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Canine Vitamins & Nutritional Supplements

June 28, 2011 by  
Filed under Dog Health and Nutrition

Depending on the type of food you give your dog, as well as on the dog’s age, activity level, general health and specific medical issues, you may find you need to supplement the dog’s diet.  Vitamins play a vital role in digestion, reproduction, muscle and bone growth / function, healthy fur and skin, and blood clotting.  In addition, they help the body make better use of the proteins, carbohydrates, and fats in the dog’s food.

Types of Vitamins

Vitamins are classified as either water-soluble or fat-soluble, based on where the body stores them.  The fat-soluble vitamins (A, D, E, and K) are stored in fatty tissues and can build up to toxic levels over time if too much is given.  The water-soluble vitamins are not stored inside the body; they are either used or excreted.

Functions & sources of the most common vitamins

Vitamin A, found naturally in liver, fish liver oil, veggies, and dairy products, helps with your dog’s night vision, as well as maintaining your dog’s skin and coat.

Vitamin B1, also known as Thiamin, is found in many foods including fruits, veggies, milk, and meat.  Thiamin helps maintain your dog’s appetite, reflexes, nerve control, and muscle tone.

Vitamin B2, also known as Riboflavin is found in organ meats like kidney and liver, as well as in dairy products.  It is important for the heart and eyes.

Vitamin B5, also known as Pantothenic Acid, found in meats and vegetables, is important for fur and coat health, as well as for digestion.

Vitamin B6, also known as Pyridoxine, is found in nearly all foods, although the processing done to make the food more palatable often damages the B6.  A shortage of Pyridoxine causes anemia, poor growth, and skin problems.

Vitamin B12, is found in organ meats and is important in keeping your dog’s blood cells healthy.

Biotin, found in corn, soybeans, and beef liver, helps maintain a shine, well-hydrated coat.

Vitamin C, which a healthy dog can manufacture in his or her own liver, is important in healing after injuries and in maintaining general good health.  If additional vitamin C is needed, it can be found in citrus fruits and in vegetables.

Vitamin D is found in dairy products and fish liver oil, and is manufactured by the dog’s body when exposed to sunlight.  It is important in bone and tooth development, as well as for maintaining your dog’s energy level.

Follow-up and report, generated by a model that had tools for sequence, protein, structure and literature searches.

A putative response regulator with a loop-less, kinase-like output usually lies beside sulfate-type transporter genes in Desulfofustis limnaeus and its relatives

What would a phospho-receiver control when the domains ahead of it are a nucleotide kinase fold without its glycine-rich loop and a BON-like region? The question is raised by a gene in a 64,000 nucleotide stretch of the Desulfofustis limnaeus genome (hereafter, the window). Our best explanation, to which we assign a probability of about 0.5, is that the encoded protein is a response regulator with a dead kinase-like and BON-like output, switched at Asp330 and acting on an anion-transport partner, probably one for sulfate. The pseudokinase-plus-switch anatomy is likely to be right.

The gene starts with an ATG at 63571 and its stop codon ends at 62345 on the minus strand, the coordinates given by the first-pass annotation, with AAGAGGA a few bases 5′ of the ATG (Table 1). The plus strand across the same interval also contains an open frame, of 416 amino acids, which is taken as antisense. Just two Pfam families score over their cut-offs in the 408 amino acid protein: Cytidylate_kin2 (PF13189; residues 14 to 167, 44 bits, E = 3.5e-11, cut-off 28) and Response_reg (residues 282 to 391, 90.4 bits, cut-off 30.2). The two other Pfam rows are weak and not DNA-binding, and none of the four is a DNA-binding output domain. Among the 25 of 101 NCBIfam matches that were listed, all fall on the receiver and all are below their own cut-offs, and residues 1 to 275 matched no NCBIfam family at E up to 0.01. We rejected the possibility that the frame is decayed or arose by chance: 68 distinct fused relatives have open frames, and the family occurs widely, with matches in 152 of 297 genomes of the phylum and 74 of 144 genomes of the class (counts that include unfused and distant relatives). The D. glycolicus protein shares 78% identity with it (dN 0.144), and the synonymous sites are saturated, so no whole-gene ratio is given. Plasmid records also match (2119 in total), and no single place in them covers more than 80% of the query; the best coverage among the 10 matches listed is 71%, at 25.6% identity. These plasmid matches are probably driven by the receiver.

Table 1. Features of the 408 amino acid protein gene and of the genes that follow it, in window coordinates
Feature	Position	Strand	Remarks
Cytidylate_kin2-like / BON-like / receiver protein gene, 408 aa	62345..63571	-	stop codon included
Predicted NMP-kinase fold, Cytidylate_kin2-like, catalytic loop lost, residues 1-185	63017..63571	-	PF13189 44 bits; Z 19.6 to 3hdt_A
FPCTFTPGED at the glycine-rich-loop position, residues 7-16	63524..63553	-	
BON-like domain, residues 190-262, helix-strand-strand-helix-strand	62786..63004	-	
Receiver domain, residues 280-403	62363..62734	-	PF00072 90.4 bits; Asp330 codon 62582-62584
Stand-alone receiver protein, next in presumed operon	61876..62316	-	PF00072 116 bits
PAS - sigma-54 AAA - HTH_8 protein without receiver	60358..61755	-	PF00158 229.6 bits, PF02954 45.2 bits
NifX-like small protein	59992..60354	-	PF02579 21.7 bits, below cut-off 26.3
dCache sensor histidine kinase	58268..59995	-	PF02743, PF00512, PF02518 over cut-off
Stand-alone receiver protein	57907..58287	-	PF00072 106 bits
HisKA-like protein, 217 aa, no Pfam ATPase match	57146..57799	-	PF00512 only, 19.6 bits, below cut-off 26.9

Vitamin E, found in meat, nuts, and green leafy vegetables, helps maintain your dog’s reproductive capability, and is important if you plan to breed your dog.

Folic Acid, found in organ meats, is important in keeping the bone marrow healthy so it can produce robust blood cells.

Vitamin K, is important in preventing excessive bleeding after an injury or surgery.  It is found in kelp, alfalfa, and egg yolks.

Niacin, found in meat, helps your dog’s blood cells to function properly.

How are nutritional supplements different than vitamins?

Many times, the words are used interchangeably, and, in fact, some multi-vitamins are marketed as supplements.  For the purposes of this article, we’ll use the following distinction:  while vitamins are found naturally in the foods your dog eats, as well as in the dog’s body, nutritional supplements are typically man-made and designed to address specific problems.

For example, a dog who is suffering from arthritis may benefit from the addition of glucosamine-chondroitin, which helps build and maintain cartilage.

Pregnant dogs and those who are ill, injured, or elderly may also benefit from supplements which aid in digestion or provide extra calories for times when their appetites might not be strong enough to entice them to eat enough to remain healthy.


One of the supplements that gets a lot of attention is the anti-oxidant group.  As your dog’s body cells break down due to aging, exposure to chemicals like pesticides, and exposure to ultra-violet sun rays, the cells release free radicals.  In turn, the free radicals can damage more cells, speeding up the aging process and even causing cancer.

What an anti-oxidant does is to give up one of its own electrons to the free radical, neutralizing it so it cannot damage other cells.  The remainder of the anti-oxidant is of no use and is excreted from the body.

Your vet may recommend anti-oxidants for your dog if he or she is under stress, elderly, or afflicted with liver disease, cancer, diabetes, auto-immune diseases, or inflammatory diseases like arthritis.

Choosing a good multi-vitamin

Not only is it important to give your dog the right vitamins, it’s also important to give the right balance of the various vitamins.  To do this, many vets recommend your dog take a multi-vitamin rather than individual vitamins.

Drs. Foster and Smith recommend that your dog’s multivitamin contain fatty acids like Omega-6, for skin and coat health, as well as at least 14 vitamins including A, B-Complex, D, and E.

Look at the ingredient label to see the source of the vitamins.  As much as possible, all of the ingredients should be natural.  For example, Brewer’s Yeast is often included in multi-vitamins as a source of the B vitamins and zinc.  Kelp may be added to provide  potassium, Vitamin B2, and Vitamin C.  The fatty acids in the vitamin should come from an animal source such as fish.

If you’re confused about what vitamins your dog needs, consult the interactive canine vitamin advisor from the University of Florida, where you can match your dog’s specific needs to the type of vitamins you should add to his or her diet.

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